Building Sustainable Organizations and Utilizing Capacity

Denver     Visiting with a whole range of people before, after, and during screenings and meetings at the University of Denver international center and at Café Mayan, a haven of organizing on the University of Colorado campus in Denver, as well as talking to students, professors, and other before and after made for a fascinating day.  Some questions came up over and over again here in this bustling city with apartment complexes seeming to sprout up everywhere and the sky clouded with construction cranes.  One was how to produce sustainability in organizing campaigns that students had initiated.  The other interestingly was how to full exploit organizational capacity.  In some ways these questions confronted each other at opposite extremes of organizational experience.

The sustainability question was not the usual one confronting organizations who are trying to puzzle out how to get enough staff and resources assembled to continue to grow and move forward.  The questions seemed to spring more from activists having initiated campaigns and having difficulty maintaining momentum, especially without clear ideas or commitment to any specific organizational process.   Implicitly, the questions were too often, “then what?” and “what’s next?”  Activity springing “from the resistance,” so to speak, or in reaction to events on the campus and in the community moved with the shared agreement of a cadre of activists fired up and ready to move, but perhaps without a plan for how to maintain work over an extended period in face of challenges and push back.  I tried to respond in a positive way, saying it was important not to quit and to keep pushing, but I had a nagging feeling the real problem was an unwillingness to take the additional steps to organization building as opposed to movement response.  The next steps involve hard work, longer commitment, and acceptance of individual responsibilities coupled with the initial shared consensus.

On the other end of the spectrum were organizational formations both local and national that had certain capacities, in some cases extensive, but were unsure in this time of change and transition whether or not they were meeting the challenges, adapting sufficiently to the current context, and deploying their capacity fully.  National events that are sweeping over local concerns are confronting all levels of organizations to respond.  There is risk and reward there.  Change is hard in existing institutions.  There are always conservative tendencies that caution institutional leadership not to endanger the organization itself, even when opportunity exists to grow and build.  Staff and members need help understanding change.  Routines become habit, order becomes expectation, even when the mission of the organization may call for more, rather than just enough.

Importantly, the leadership were asking the questions about how to utilize their capacity, rather than running from it.  That’s part of the answer that organizations bring to the question of sustainability that gives them the ability to keep on fighting now and for decades to come.

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Lifestyle: Small Footprint Sustainability

New Orleans   Ok, you’re right.  This is not a normal place to look for lifestyle tips.  And, you’re thinking, hey, I was just in California, this will be some hippy-dippy baloney.  Well, have it your way, but this was no hippy strategy but a small footprint sustainability system for living well on very limited income, and there was nothing laid back, California dreaming about it, because no small amount of it was not produced by hard work.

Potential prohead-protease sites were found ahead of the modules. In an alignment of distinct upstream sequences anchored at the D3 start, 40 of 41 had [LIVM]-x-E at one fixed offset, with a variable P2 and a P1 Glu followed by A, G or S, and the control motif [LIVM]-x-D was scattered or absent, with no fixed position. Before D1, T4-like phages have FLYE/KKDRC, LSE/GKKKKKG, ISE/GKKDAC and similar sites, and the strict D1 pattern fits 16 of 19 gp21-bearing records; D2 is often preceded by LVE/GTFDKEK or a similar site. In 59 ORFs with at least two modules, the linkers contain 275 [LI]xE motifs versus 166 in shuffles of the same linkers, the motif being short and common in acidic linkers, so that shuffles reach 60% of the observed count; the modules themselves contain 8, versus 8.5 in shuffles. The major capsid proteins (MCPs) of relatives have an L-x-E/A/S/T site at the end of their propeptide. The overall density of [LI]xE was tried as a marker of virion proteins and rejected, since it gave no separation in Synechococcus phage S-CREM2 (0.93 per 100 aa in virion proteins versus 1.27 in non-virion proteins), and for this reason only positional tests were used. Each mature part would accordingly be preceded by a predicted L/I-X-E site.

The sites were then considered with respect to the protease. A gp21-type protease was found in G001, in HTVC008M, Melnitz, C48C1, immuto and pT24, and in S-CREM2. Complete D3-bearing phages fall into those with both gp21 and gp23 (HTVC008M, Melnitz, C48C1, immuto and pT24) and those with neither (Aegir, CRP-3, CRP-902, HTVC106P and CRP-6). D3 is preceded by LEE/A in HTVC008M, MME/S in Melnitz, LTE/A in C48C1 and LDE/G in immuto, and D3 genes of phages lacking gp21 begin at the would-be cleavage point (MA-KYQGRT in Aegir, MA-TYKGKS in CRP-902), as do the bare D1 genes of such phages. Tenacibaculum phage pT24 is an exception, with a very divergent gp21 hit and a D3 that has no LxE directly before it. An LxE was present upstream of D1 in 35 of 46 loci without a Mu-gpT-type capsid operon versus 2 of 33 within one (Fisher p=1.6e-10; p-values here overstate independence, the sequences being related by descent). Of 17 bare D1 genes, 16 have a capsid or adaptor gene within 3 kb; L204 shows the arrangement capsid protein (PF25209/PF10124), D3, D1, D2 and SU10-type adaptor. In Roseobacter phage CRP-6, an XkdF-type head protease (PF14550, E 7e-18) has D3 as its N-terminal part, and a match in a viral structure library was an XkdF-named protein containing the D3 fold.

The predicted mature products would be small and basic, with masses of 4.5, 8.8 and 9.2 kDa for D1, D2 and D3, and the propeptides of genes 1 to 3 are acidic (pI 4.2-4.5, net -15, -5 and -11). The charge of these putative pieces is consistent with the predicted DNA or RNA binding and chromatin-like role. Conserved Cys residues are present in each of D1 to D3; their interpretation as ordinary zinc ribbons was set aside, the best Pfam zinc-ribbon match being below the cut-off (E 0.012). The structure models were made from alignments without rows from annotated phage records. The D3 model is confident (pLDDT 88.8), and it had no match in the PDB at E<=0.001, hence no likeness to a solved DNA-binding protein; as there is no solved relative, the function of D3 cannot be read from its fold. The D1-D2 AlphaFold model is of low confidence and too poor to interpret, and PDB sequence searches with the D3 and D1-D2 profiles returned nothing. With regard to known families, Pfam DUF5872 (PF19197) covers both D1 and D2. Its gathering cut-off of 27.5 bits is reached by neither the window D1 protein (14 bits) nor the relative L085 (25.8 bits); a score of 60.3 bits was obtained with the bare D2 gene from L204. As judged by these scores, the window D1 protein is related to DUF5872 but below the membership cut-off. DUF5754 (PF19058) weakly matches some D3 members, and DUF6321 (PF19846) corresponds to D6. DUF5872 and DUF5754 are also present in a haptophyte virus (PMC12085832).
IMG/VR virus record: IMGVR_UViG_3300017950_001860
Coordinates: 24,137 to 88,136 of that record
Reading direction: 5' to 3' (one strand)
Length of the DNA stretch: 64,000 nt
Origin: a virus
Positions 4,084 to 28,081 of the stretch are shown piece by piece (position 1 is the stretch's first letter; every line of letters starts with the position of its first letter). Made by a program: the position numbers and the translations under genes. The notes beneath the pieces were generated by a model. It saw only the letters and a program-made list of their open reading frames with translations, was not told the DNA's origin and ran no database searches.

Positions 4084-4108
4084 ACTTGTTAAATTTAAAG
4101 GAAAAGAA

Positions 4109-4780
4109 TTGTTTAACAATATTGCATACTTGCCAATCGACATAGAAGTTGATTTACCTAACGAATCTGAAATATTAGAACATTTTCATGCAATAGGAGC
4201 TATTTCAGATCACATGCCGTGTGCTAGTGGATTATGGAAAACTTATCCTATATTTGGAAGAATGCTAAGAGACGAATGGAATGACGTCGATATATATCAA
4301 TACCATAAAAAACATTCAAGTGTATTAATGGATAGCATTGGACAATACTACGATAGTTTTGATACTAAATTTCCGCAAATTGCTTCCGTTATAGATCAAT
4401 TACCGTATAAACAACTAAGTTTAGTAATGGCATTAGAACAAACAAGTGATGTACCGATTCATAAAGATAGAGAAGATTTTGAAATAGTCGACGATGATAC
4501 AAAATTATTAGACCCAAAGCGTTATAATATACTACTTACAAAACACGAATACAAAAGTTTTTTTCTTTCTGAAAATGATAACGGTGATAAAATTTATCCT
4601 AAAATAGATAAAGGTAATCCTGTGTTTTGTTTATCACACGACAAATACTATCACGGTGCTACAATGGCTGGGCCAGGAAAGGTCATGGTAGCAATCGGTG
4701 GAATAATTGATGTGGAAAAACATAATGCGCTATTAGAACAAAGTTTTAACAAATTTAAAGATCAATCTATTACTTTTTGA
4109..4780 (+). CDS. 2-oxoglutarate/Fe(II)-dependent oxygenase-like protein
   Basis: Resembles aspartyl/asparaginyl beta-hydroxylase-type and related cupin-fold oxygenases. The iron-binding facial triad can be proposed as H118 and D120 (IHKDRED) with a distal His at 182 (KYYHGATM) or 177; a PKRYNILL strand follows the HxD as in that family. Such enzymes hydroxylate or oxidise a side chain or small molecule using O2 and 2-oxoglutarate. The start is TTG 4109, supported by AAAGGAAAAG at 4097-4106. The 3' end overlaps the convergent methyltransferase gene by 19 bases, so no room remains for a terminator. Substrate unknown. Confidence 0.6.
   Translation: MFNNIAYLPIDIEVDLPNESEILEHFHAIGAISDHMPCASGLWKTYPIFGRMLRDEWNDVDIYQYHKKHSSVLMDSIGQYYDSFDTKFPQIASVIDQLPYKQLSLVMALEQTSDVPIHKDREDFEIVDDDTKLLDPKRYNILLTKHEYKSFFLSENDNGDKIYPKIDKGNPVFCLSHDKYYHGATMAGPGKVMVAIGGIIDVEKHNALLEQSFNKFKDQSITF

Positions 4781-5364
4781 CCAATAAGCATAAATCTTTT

I stayed in Los Osos with Al Barrow, who had invited me to the Central Coast to understand and think with he and others about how to deal with a long standing water and sewer issue (see earlier blog).  Almost as interesting as all of that was seeing how Al had taken his section 8 rental unit with no yard and made a couple of square feet here and there into virtually a farm plot.

There is no soil this close to Morro Bay and the spit.  It’s all sand, so Al had to virtually build soil from compost and dirt garnered here and there.  He had built his own version of greenhouses in several spots using discarded shower stall doors found here and there and picked up along the way.   He needed to protect his tomatoes and other vegetables from the wind and weather.  Around all sides was diatomaceous earth (recognizable as a white fossilized powder) to keep the bugs at bay.  The corn in the back was already knee high by the 4th of July, and tassels were coming out.  Inside the kitchen were large plastic buckets filled with harvested wheat.  Yes, wheat!  Al told me about grinding it out by hand to make his own raw oats for his breakfast oatmeal.

I was here to deal with water and it’s hard to talk about sustainability and small plot farming in this part of California without water.   Al had rigged up a system on his washing machine outside so that he could recycle the used grey water to keep his garden growing.  Pretty amazing stuff:  low cost ingenuity.

Nothing in Al’s background would have prepared him for such small scale home-based farming.  He had lived here and there throughout the west.  Made livings as a Fred Astaire dancer and a lot of other things along a path that included going to Oregon to college and graduating about 40 years old, but what he had obviously learned along the way was how to “make do,” and that turns out to have been an invaluable set of skills and the evidence seemed to be cropping up everywhere around him.

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